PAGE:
Democratic presidential nominee Joe Biden campaigned in Charlotte, NC on Wednesday where he spoke to the “Black Economic Summit.” During a rare Q&A at the end of the event, Biden spoke about a new plan to move the Civil Rights Divison out from under the preview of the Justice Department and directly into the White House.
The final question Biden answered had to do with reforming the Justice Department, “and especially the civil rights division after four years of Trump?”
Biden said Trump has used the Justice Department like his own personal law firm and if he is president it will be “totally independent of me.”
Biden said the Civil Rights Division would also have a direct office “inside the White House.”
“So I would make sure there’s a combination of the Civil Rights division having more direct authority inside the Justice Department.”
“But most of all,” Biden said, he would have an attorney general who “understands” the DoJ is not supposed to be “the Department of Trump.”
“I’d make sure there’s a combination of the Civil Rights Division having more direct authority inside the Justice Department and be able to investigate, than in fact it has now,” Biden said. “I’ll do what the Justice Department says should be done and not politicize.”
A colleague recently enlisted my advice about replanting the front and side yards of his Capitol Hill townhouse. Thankfully, there was little existing vegetation (or he had cleared it already) and it was spared the tired, overgrown fate of many small urban yards.
We are entering prime season for renovating landscapes, and his project got me thinking about what folks need to know about successful makeovers and why so many small gardens go wrong. Before speaking to the right way, let’s imagine the ravages of time on a city garden the size of my colleague’s. His corner lot features an entrance garden of about 20 by 20 feet, bisected by a brick path. The connected side yard is about six feet wide and 25 feet long.
This blank slate seemed primed for a wholesale replanting that would grow into a fresh, beautiful and deeply satisfying landscape. Such a garden would stand out too against all those urban lots whose plantings had grown to blur the original spatial relationships and design intent.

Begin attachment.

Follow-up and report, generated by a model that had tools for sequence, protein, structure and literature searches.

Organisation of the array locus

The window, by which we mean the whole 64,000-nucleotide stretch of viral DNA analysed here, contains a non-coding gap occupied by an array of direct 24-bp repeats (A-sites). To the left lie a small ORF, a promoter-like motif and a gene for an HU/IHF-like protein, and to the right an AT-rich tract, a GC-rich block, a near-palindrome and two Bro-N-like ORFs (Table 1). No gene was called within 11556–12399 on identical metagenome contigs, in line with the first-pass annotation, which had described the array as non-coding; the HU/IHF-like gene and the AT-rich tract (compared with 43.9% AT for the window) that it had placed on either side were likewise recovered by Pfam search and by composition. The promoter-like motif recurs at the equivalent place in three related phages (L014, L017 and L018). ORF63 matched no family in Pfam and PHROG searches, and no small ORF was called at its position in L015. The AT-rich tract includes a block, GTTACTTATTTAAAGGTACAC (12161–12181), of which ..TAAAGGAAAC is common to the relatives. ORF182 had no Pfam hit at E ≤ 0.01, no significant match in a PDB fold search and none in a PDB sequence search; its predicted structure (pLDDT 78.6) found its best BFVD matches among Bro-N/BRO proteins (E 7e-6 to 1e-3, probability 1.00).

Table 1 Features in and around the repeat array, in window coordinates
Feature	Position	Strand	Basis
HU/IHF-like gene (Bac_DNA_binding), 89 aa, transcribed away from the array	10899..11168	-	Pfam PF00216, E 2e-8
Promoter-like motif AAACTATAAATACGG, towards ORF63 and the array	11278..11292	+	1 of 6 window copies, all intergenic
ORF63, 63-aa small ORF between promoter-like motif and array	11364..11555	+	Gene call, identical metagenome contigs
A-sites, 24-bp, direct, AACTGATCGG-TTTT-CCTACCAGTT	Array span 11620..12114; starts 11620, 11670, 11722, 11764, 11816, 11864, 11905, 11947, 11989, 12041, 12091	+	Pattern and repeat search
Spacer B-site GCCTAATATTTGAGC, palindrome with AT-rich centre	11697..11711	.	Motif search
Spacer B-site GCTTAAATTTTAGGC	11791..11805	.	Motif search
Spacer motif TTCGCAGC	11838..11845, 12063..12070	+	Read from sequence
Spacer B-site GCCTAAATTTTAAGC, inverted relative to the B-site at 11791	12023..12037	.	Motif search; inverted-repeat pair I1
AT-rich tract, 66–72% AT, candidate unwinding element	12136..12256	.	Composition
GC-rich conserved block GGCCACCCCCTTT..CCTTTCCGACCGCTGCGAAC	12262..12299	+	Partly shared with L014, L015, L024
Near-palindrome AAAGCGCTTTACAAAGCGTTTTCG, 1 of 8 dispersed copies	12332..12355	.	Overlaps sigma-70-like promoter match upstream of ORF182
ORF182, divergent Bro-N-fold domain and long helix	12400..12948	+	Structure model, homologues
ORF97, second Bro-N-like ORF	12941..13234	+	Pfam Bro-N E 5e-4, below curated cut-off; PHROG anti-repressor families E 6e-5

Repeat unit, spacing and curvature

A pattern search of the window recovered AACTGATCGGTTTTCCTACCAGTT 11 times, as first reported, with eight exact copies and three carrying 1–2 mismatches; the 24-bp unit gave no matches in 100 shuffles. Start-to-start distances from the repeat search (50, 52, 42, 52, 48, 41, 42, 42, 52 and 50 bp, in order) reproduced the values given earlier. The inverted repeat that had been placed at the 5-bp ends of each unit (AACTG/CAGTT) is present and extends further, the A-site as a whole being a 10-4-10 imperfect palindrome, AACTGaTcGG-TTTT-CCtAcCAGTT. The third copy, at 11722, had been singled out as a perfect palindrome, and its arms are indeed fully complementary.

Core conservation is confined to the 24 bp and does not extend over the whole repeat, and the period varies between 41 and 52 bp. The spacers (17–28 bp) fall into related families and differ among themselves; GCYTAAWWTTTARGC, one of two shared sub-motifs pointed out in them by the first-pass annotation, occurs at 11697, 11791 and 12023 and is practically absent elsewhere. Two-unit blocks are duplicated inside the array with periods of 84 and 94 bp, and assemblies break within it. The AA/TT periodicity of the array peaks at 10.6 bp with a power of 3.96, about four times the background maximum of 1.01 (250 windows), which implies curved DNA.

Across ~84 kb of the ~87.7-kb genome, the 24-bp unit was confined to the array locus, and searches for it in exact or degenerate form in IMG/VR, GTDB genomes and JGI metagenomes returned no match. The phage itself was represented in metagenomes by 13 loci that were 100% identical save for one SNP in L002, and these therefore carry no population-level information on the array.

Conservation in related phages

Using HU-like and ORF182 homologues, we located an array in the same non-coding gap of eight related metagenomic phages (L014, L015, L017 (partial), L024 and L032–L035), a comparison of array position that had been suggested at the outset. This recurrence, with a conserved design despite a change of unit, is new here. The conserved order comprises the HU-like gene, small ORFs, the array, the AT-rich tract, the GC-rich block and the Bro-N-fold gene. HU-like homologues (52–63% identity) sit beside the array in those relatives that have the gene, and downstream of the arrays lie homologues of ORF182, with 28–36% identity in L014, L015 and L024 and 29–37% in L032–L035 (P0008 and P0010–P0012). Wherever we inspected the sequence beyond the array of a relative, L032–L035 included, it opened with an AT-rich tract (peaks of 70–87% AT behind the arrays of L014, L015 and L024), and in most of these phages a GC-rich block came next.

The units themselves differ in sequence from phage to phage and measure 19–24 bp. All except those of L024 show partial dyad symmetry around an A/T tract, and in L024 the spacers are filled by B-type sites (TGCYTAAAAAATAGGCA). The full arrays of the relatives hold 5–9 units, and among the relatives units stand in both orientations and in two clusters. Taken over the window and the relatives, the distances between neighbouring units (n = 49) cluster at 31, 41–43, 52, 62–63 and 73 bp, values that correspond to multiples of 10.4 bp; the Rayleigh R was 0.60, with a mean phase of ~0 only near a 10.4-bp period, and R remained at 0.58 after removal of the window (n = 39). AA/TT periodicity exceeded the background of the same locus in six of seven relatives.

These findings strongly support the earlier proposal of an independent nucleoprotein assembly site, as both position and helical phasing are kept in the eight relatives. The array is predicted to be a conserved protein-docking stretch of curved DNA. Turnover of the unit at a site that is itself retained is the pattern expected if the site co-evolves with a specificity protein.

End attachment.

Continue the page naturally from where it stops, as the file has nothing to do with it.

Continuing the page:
Typically, hedges planted when the “Jurassic Park” film franchise cranked up in 1993 have become themselves menacing dinosaurs. They were originally intended to define the property or to provide screening but are now too broad at the top and too thin at the bottom. Similarly, both deciduous and evergreen shrubs expand into paths and shade out other plants around and beneath them. Time flies, time fudges.
Large trees provide their own conundrum. You don’t want to take down a mature shade tree — and in some jurisdictions are constrained from doing so — but at the same time you shouldn’t live under a constant gloom of shade and tree litter. (The worst offender might be a Southern magnolia.) Often, you can remove the lowest limbs and thin out the canopy to reclaim space and light. This can go badly wrong in several ways, though, and is a job for a competent and qualified certified arborist.
All gardens sag with time, all gardens need constant tweaking and adjustment, but ones that are put together with careful consideration of plant choices will age slowly and even gloriously. After removing old vegetation from the site (and improving the soil) consider my general principles for planting in small gardens: